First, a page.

I’ve been building bug puppets, and experimenting with materials. I hadn’t been to the craft store in a long time, and I recently discovered the lighter weight Sculpey ‘Ultra Light’ oven-bake clay. It is much lighter than regular Sculpey, and can be shaped in similar detail and smoothness, unlike Model Magic which ends up with creases and wrinkles and tends to lose detail. This new stuff is perfect.
Two weekends ago, I took one of the bug puppets into the woods, and animated it walking along a patch of moss. This is something I’ve wanted to try for ages. Animating outdoors is an interest of mine - though it comes with complications, mostly the potential for dramatic shifting of light from shot to shot. I also imagined that it would be relatively easy to pin down a puppet foot into a piece of dead wood, but most of the wood I encountered was too hard. However, patches of sturdy moss worked perfectly for receiving and holding a pin.
On an earlier weekend, I had been playing with animating on my iphone using a stop-motion app - wouldn’t that be so much simpler, taking a small phone into the woods vs a clunky camera? The app worked well, and was great for previewing and toggling the previous frame. The biggest issue I encountered was realizing that using the iphone would greatly limit depth of field options - though maybe there are ways to achieve this that aren’t obvious to me yet. I did this clip of a cut-out mouse puppet with the iphone app:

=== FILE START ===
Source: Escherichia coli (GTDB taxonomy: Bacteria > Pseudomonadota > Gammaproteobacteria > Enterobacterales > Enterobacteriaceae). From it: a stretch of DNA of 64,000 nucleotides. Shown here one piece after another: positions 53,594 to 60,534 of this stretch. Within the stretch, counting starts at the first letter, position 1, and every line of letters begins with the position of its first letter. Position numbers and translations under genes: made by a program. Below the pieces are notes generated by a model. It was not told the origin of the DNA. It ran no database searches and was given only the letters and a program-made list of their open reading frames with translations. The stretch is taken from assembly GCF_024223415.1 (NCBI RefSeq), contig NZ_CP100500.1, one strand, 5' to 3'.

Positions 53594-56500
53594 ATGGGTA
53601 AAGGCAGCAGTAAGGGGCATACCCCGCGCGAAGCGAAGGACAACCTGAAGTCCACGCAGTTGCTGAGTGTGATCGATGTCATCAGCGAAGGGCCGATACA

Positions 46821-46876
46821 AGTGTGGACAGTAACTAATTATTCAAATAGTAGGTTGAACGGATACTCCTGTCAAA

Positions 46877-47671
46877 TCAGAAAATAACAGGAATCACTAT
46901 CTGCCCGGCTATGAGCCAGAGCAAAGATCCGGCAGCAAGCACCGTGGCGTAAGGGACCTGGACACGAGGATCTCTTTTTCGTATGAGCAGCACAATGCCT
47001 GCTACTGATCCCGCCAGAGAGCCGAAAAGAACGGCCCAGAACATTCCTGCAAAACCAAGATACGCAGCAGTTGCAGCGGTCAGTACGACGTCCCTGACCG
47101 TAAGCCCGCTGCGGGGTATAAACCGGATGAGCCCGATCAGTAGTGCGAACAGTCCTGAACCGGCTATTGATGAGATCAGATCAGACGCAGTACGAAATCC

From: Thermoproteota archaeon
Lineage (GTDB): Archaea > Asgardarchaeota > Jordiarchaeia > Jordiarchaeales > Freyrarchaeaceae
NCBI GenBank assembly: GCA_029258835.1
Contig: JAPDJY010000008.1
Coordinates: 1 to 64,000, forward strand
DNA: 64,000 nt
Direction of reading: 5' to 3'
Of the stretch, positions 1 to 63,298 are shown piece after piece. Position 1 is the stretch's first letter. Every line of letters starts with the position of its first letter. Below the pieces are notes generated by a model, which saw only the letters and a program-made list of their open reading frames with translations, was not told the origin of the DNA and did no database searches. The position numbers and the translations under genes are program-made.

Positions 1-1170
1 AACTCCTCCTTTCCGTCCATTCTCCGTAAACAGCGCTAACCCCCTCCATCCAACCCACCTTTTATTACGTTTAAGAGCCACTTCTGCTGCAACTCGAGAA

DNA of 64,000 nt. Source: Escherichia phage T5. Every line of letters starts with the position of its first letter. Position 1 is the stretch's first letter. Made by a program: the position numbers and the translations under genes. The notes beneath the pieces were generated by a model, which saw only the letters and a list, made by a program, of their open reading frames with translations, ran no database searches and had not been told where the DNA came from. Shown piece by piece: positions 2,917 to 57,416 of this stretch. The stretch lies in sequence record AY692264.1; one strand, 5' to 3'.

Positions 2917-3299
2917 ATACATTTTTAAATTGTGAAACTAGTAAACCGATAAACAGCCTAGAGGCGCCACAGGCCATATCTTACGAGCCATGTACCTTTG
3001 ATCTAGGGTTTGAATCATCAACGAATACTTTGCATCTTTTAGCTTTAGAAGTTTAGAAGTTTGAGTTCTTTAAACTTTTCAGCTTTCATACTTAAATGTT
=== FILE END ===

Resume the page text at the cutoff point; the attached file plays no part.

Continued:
For the bug, I went back to my Canon 40D, and used a manual Nikon Micro lens that I’d had but had never used before. Learning about that type of lens led me off on a tangent of reading about micro-photography, which was fascinating. Some of these lenses can allow you to be a distance back from your subject, but still get a very close up shot. In the case of photographing real bugs, you’d be less likely to scare them away, though in this case I wasn’t worried about scaring off my puppet.
The light did change during the shooting, and because I didn’t have a remote shutter and my camera's mini- tripod was sitting on moss and leaves, the images jump all over the place. I was able to get enough of a preview of motion by clicking through the camera playback of images - though not the best for seeing all the details. I’m still looking for some way to do this remotely. This method required some very awkward bending down and craning my head at odd angles. Original footage result is below:
I played with adjusting the exposure frame by frame in Photoshop, which worked pretty well to reduce flicker. I was moderately successful in stabilizing the images in Photoshop too, but it wasn’t perfect. I was happy to discover a better stabilizing feature in After Effects, which did an amazing job. The adjusted version is below:
I have been participating in Tiffany Sankary's live-streamed online series, 'Move, Create, Practice' that is not so much a class but a group meeting place and time where we gather to explore the intersections of movement, meditation, focused practice, learning and creation (whether painting, music, writing, or development of an unfinished project - there are no limits).
This doesn't look much different from the previous clips, but I've added some tablet-drawn paint effects frame-by-frame using Photoshop's animation timeline editor. Took a while to figure out how to create a blank (transparent) video layer on which I could draw/erase one frame at a time, without having to create many new individual layers, and without disturbing the background footage layer.
this puppet is small and lightweight, so it can be held up on one leg by a dollop of hot glue.